About 20 minutes later, an older gentleman approaches me while talking on the phone. He’s having an animated conversation while standing 5 meters from my tent. I decide to pretend to ignore him. I can’t understand what he’s saying anyway. Is he calling the cops? Will I have to leave? I hope for the best but expect the worst as he finally hangs up the phone and walks over. I say hello in Georgian followed by the English variant, in case the tent doesn’t make it clear I’m a tourist. He sticks out his hand and opens it. In it are three tiny green plums. I take them and pop one in my mouth, biting down. The darn thing is hard as a rock and sourer than a lemon but I grin and thank him. He points at the house in the distance and says “My home. You drink tea?”. I am touched by this sudden outpouring of hospitality and nod. Sure, I could use a cuppa. One of the great aspects of this type of travel is connecting with the locals, isn’t it? As I get up to follow the man, the same two young men and 5 of their friends reappear out of nowhere. I grab my little bag with my ID card and money and wonder if the rest of my stuff will be safe to leave unsupervised. The man sees me hesitate and says to one of the young men in English, “her tent will be okay, yes?” and he nods and says, “yes, no problem.” I shake the young man’s hand and introduce myself. He tells me his name is Ika (must be a popular name) and I ask him if he lives in this town. He nods and tells me he grew up here. He now works in a “noots farm”. “Noots?” He points at the big trees on the other side of the road. Oh, nuts! I understand that they are big business in this country. Every other Georgian dish has walnut stuffing or walnuts sauce and the ones that don’t are sprinkled with chopped walnuts.

I follow the man, whose name is Sergo, across the grass, over a little makeshift bridge, to his house. The young people follow suit. I’m not entirely at ease yet. As Sergo opens the gate to his garden, I spot two houses. One is quite modern and made of concrete, the other an old wooden house. Sergo will later tell me that the oldest of the two was built by his ancestors 200 years ago. He lives in it while doing some reconstruction work on his own abode. I sit down in the garden with the young folk as he disappears into his house. I’m assuming he’s making tea but as I glance over 10 minutes later, he appears to be working on a salad. That’s not for me… is it? Sure it is. “Tea” in Georgia apparently means a meal. There’s a typical Georgian cucumber, tomato and dill salad, a cheese platter and some bread with homemade jam. All of the produce and herbs are homegrown, as is the marijuana that the young men are smoking. They offer me some but I politely decline. I have a massive bike ride coming up in the morning, an uphill one at that, and the last thing I need is a cannabis induced coma tonight. After I’ve had dinner with Sergo inside the house we join the youngsters outside. Communication is a challenge as Ika’s English is quite basic and Sergo’s is not any better. They do try though and I appreciate the effort immensely. Sergo even calls his daughter when he can’t find an English word he’s looking for.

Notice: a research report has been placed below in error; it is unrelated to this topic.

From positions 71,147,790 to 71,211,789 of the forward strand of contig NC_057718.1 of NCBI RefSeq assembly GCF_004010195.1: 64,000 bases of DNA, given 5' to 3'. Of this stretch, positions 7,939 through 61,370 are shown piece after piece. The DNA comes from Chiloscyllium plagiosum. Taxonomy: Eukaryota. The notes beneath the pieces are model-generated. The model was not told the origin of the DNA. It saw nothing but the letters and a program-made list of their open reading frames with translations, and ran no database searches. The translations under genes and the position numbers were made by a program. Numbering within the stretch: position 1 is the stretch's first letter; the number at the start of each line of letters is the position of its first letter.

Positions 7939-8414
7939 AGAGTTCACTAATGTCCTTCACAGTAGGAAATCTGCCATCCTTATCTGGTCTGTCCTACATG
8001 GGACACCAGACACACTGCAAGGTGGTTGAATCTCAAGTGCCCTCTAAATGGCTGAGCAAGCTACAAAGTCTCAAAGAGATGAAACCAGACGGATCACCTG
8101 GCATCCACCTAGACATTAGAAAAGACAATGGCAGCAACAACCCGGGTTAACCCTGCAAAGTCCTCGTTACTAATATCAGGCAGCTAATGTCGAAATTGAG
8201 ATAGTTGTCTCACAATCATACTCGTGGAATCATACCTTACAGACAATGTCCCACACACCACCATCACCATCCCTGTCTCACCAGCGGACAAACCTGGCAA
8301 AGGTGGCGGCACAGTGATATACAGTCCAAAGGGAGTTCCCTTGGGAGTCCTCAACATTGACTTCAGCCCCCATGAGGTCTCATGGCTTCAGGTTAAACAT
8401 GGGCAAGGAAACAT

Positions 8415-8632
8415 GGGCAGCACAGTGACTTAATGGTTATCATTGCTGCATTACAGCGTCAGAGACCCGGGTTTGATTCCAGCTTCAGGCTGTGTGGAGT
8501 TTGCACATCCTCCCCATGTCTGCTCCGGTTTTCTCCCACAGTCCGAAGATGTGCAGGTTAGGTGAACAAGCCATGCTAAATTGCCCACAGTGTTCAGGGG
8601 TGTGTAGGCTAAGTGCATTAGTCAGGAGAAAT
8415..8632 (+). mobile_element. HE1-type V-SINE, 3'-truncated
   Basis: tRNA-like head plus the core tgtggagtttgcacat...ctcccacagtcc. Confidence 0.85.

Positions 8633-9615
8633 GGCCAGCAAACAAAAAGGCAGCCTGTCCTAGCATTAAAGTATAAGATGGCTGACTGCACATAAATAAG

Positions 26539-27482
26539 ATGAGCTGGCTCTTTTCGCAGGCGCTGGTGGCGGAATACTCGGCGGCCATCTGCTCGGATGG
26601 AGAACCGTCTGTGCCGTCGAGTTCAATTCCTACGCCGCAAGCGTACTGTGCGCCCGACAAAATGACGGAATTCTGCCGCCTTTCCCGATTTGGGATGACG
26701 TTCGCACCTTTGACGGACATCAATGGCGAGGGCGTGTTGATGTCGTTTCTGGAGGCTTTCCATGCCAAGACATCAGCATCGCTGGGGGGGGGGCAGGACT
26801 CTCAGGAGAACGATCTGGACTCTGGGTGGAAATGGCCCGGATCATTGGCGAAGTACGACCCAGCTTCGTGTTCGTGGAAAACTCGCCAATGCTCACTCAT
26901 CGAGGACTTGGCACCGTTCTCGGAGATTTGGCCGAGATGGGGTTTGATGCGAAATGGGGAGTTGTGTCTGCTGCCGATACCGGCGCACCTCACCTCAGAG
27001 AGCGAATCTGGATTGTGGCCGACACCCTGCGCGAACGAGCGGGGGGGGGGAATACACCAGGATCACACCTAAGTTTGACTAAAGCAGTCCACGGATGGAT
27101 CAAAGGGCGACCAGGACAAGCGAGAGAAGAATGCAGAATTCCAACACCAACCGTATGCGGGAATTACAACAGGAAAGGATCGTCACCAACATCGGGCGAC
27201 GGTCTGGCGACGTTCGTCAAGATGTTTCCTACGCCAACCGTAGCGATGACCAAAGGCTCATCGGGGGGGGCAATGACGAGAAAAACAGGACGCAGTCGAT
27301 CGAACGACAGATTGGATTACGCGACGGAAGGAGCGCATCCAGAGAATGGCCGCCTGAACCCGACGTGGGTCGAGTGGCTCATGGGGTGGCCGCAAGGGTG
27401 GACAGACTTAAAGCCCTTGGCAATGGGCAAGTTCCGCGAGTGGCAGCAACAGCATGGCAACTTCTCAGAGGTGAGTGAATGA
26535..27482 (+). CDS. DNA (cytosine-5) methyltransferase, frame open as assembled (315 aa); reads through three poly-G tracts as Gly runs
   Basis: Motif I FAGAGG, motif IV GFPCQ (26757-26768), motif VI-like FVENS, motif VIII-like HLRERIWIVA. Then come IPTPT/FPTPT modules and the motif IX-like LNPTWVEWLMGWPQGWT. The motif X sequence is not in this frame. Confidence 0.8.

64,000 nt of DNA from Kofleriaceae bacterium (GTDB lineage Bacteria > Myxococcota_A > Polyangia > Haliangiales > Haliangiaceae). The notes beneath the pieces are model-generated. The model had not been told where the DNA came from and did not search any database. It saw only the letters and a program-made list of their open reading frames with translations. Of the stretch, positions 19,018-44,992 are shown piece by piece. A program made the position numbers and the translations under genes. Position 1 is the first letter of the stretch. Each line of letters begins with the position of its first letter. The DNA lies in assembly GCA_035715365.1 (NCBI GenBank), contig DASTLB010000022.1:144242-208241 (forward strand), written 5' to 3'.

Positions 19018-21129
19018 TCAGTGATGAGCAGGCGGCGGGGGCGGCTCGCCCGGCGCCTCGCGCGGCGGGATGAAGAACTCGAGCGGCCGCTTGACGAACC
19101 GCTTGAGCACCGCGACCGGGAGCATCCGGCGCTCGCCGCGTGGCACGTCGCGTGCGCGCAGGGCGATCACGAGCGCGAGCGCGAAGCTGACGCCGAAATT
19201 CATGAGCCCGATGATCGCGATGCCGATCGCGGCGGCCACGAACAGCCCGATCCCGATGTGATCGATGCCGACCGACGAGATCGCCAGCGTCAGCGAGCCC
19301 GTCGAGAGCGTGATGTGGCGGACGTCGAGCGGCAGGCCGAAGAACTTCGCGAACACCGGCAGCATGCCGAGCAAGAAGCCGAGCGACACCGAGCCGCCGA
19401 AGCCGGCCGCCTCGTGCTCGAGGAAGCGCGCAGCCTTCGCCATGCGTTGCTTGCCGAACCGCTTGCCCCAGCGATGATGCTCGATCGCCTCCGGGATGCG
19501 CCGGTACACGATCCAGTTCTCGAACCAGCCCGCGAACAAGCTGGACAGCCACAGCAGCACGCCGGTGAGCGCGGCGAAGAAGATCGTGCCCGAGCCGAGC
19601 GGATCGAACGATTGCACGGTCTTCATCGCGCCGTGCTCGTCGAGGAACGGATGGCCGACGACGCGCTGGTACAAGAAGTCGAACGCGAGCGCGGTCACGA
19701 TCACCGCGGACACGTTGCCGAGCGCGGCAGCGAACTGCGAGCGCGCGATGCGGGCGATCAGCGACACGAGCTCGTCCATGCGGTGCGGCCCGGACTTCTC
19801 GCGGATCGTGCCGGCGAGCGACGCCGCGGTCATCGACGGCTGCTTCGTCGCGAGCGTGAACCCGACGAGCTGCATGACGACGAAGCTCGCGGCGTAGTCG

Right as I’m thinking I should call it a night, Ika tells me I should put my tent in Sergo’s yard. I am puzzled by this because all the locals I have met so far seem absolutely sweet and hospitable. I ask him what I have to worry about out there. “Wild dogs. Wild pigs. Bulls”. Those hardly seem life-threatening once I’m in my tent, but Ika won’t take no for an answer. Sergo chimes in too, so Ika and one of the lads walk me back to my tent. They simply pull the stakes out of the ground, pick it up with all my stuff in it and move it to the garden.